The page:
The Big Question (Toyota GT86)

Matt Kimberley, Press Association Motoring Writer
1 / 4

The Big Question (Toyota GT86)

2012 Toyota GT86

WHETHER it’s the rolling A-roads of Cornwall, the pitted and twisting lanes of Wales or the magnificent mountain passes of the Scottish Highlands, Britain can really separate the men from the boys when it comes to chassis engineers.

It’s said that if a car works well on British roads it will work well anywhere, so when a new performance car is built there’s always a question in the back of your mind as to whether it would be quite as good in Britain as it is on billiard-table European roads. It was that question that brought the Toyota GT86 to me on a wet English weekday morning.

The GT86 is a driver-focused affordable sports coupe; the first of its type in a long time. Some people compare it to the evergreen Mazda MX-5, but although the latter is a brilliant convertible it always feels like it needs more power.

The GT86 delivers that, with 197bhp coming from a high-revving 2.0-litre flat four-cylinder engine designed by Subaru. It’s a traditional normally-aspirated driver’s engine without the lazy torque of hot hatchbacks’ 1.6-to-2.0-litre turbocharged units, but which offers much faster throttle response for a huge boost in immediacy and excitement.

It’s reason number one why the GT86 is perfect on our usually wet, slippery UK roads. With a torque curve that encourages you to use all of the 7,200rpm on offer, you can power out of corners in a low gear with the car’s instant reactions; building a crescendo of pace as the engine pulls harder first above 4,000rpm, then again at around 5,500rpm. With it comes a hollow metallic rasp, tingling its way through the car into your senses as it climbs to a unique roar before the in-built upshift-warning beep signals a gear change.

Wham! You punch the stiff gearstick through the tight-gated gearbox with the absolute confidence that the lack of flex inspires, dipping and releasing the clutch as if you’re at Le Mans. The GT86 was built to be driven this way. In fact, the systems never feel so cohesive and brilliant as they do when you’re at maximum attack.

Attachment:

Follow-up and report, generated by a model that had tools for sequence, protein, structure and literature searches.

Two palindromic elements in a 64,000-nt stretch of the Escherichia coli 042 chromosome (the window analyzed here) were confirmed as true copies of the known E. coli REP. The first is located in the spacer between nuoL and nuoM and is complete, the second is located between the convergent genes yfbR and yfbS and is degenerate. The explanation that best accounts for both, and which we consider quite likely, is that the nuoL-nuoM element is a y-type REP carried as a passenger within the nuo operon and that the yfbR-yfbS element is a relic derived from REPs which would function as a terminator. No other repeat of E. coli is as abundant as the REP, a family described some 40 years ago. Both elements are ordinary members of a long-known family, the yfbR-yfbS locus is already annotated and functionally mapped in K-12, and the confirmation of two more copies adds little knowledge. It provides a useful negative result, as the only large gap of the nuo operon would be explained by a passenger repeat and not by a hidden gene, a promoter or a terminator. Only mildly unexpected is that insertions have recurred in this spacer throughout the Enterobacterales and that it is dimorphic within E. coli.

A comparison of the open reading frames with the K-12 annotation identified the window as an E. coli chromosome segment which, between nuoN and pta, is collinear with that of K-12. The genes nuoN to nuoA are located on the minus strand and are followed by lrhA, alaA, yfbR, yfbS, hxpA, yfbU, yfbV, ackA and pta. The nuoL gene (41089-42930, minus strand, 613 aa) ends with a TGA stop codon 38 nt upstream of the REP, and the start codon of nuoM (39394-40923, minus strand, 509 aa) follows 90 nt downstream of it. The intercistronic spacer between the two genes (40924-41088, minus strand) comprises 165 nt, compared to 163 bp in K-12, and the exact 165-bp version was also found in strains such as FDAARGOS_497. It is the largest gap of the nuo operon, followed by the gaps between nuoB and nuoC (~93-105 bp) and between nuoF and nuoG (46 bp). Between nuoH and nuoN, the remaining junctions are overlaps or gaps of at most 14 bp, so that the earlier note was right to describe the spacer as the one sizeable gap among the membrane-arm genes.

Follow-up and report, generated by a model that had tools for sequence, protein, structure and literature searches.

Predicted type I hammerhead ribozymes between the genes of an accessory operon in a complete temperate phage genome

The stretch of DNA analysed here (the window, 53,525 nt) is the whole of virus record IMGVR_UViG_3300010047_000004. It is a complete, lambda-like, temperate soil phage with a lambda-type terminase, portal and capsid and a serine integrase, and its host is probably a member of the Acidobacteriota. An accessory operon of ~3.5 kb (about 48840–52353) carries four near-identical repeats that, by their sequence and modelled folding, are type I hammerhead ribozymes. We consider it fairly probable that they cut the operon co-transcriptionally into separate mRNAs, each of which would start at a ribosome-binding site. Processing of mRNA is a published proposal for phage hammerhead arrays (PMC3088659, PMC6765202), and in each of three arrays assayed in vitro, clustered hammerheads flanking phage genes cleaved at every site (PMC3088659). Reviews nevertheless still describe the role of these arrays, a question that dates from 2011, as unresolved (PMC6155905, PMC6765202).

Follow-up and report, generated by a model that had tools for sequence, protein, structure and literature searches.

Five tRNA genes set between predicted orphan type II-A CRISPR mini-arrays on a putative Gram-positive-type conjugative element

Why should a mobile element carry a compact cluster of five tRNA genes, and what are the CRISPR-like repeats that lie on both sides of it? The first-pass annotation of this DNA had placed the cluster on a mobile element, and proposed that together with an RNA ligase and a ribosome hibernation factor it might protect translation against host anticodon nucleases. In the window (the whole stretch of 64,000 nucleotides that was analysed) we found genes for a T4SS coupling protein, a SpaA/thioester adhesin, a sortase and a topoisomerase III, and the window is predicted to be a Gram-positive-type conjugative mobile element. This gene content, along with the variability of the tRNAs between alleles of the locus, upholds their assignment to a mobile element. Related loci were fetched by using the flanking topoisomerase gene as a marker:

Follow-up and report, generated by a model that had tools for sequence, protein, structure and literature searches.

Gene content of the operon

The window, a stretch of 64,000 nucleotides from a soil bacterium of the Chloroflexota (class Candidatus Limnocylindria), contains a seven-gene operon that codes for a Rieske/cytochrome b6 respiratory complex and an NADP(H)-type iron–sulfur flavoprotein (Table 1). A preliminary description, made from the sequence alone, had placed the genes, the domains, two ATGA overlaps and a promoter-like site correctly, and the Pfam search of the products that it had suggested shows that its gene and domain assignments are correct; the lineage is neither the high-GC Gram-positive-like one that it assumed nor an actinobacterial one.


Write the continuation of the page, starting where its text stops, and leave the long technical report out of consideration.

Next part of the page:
Rear-wheel drive is another reason the GT86 is perfect for UK roads. Despite dips, cracks and potholes everywhere the Toyota escapes the nemesis of torque steer, which is a problem faced by every new turbocharged hot hatch you care to mention. There’s a natural balance between the front end, with its amazingly well set up electric steering that puts the Porsche 911’s to shame, and the rear end which has the absolutely perfect balance of power and grip. There’s enough grunt to work the back end and steer the car from the rear, but not so much that wet roads turn the instrument cluster into a disco of traction control lights.

The third main reason why the GT86 turns out to be perfect for UK roads is its chassis. Naturally it’s a firm setup; it’s a proper sports car after all. But whereas most mainstream hot hatchbacks have a wobbly chassis and too much compression damping as a cheap fix to make a car feel ‘sporty’, the GT86 has a torsionally stiff chassis with extremely well judged spring rates and damper characteristics that mean bumps are controlled rather than crashed into. It’s a car for corners and it wouldn’t do to be pinging sideways towards the hedge with every imperfection.

All of this is standard for your near-£25,000 outlay. That’s all you need, too, but there are some tasty options for those who want them. Heated leather and Alcantara seats are comfortable, supportive and stop you sliding around when the lateral G-force ramps up. One of the metallic paint shades is probably a must, too.

What’s most surprising is the fuel economy you can extract from the car with steady use. I saw high 30s miles per gallon without too much trouble at all, partially thanks to the six-speed gearbox and engine that’s flexible almost right down to tickover.

Other strokes of genius don’t go unnoticed either, whether they’re deliberate or not. The windscreen washer jets instantly deliver a lot of fluid over a broad area, so only the briefest of squirts is needed to clear the screen and the driver’s view is obscured for less time.

Complaints? Not many, I can tell you. With nearly 10,000 miles under its belt a few rattles had started to develop in this car’s dashboard plastics, the engine’s high state of tune means that it’s quite hard to drive smoothly at low speeds, and occasionally its door mirrors block your line of sight – a common curse among new cars.

But the question of whether the GT86 works in Britain has been smashed. As long as you don’t often carry rear passengers it works better than pretty much anything else for the price.


Model: Toyota GT86, £24,995 on the road.Engine: 2.0-litre four-cylinder engine producing 197bhp and 151lb.ft.Transmission: Six-speed manual transmission driving the rear wheels.Performance: Top speed 140mph, 0-62mph in 7.7 seconds.Fuel economy: 36.2 mpg.CO2 rating: 181g/km.

By using Yahoo you agree that Yahoo and partners may use Cookies for personalisation and other purposes